Millie Tran

Editorial Coordinator

Millie Tran was the editorial coordinator of the American Press Institute from May 2013 to January 2015.

Previously, she was the multimedia coordinator at the Council on Foreign Relations, where she wrote, edited and produced a weekly podcast. Prior to that, she helped launched launched National Journal’s Membership program as a marketing and design associate. She is also a graduate of the Atlantic Media fellowship program.

Millie’s skills and backgrounds are diverse — with experience on both the editorial and business side of media, as well as the for-profit and non-profit world. She likes to run toward wicked problems, connect the dots, and find the story.

A graduate of UCLA, she served as a tech columnist, opinion editor, and multimedia producer of the Daily Bruin — culminating in a first place award from the Associated Collegiate Press for a multimedia news feature. While there, she also wrote her thesis on cyber warfare and taught a seminar on the same subject.

Unsolved challenges of sponsored content

Even the best experts we gathered for our summit acknowledged some areas where knowledge is missing. Reader impact: For one, it’s difficult to know what readers’ tolerance for and reaction to sponsored content is. For all the talk on many sides about whether credibility is affected, no one knows for sure. More research is needed. […]

Appendix: What specific publishers, brands and analysts are doing with sponsored content

We asked participants in our Thought Leader Summit on sponsored content to give us some specific information via a survey. Here were their responses: Publishers using sponsored content Forbes Mark Howard, chief revenue officer: Q: What does your organization offer in terms of sponsored content / native advertising / content marketing? What is the content […]

Appendix: Participant list and related readings from the sponsored content summit

Related reading We recommend the following resources and articles that were based on or closely related to our sponsored content summit discussion. Defining and mapping the native advertising landscape This report by Altimeter analyst Rebecca Lieb, one of our summit participants, is an efficient and insightful summary of what native advertising is, who the stakeholders […]

Understanding the rise of sponsored content

In recent years news publishers have grappled with an uncomfortable realization: The traditional revenue streams of display advertising and reader subscriptions may not be sufficient to support them in a digital age. Digital display ads command unimpressive rates and engagement, with clickthroughs measured in the tenths of percentage points. Digital subscriptions have recently helped some […]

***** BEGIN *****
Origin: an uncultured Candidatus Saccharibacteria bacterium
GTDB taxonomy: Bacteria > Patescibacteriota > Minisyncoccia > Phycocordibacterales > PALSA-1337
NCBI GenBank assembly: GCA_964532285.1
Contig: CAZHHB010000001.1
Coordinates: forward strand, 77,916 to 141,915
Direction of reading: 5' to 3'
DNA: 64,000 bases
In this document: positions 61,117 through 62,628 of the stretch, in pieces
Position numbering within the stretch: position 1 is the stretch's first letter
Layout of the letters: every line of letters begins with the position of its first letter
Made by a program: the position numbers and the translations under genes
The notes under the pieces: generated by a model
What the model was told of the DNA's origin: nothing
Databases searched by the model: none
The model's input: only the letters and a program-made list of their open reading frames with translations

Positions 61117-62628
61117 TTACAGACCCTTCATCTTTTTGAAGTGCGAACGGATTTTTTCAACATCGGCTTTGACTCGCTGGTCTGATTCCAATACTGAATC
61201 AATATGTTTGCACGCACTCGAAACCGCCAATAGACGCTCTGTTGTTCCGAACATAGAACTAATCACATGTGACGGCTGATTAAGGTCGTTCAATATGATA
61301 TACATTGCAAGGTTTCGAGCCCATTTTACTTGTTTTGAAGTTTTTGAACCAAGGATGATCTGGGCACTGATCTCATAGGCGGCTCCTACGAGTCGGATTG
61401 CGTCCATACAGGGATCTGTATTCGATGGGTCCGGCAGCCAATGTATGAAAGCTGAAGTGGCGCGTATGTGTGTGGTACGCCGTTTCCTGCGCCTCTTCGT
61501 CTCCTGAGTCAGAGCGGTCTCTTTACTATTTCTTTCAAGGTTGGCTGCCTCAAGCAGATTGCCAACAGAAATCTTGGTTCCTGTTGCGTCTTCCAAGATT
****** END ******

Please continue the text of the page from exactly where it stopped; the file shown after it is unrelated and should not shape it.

Why sponsored content is promising for news organizations

The potential for native advertising is enormous. For some publishers it’s already more than just potential — BuzzFeed draws all of its revenue from the model; and more than 50 percent of the Atlantic’s digital revenue is tied to native campaigns. From the conversations at our summit we identified a few underlying reasons. 1. It […]

The definition of ‘sponsored content’

Sponsored content / native advertising appears in many ways. There is no single form, but rather a continuum from banner ads to social media content to large microsites with articles and videos. The fragmented, inconsistent approaches are actually a feature, not a bug — “native” advertising is native to the specific publication or platform it […]

The four business models of sponsored content

There are four distinct models that we’ve seen so far, each with varying levels of involvement from the publisher and brand: Underwriting model: The brand sponsors content attached to normal reporting, or something that the publisher was creating anyway. This model preserves the most editorial independence. The brand is simply paying to have its name […]

Measuring the impact of journalism: 10 questions with Charles Lewis and Hilary Niles

What is the impact of journalism, and how can it be measured beyond audience reach and website traffic? Those questions are tackled by Charles Lewis, executive editor of the Investigative Reporting Workshop at the American University School of Communication, and Hilary Niles, a graduate assistant at Investigative Reporters & Editors, co-authors of a new report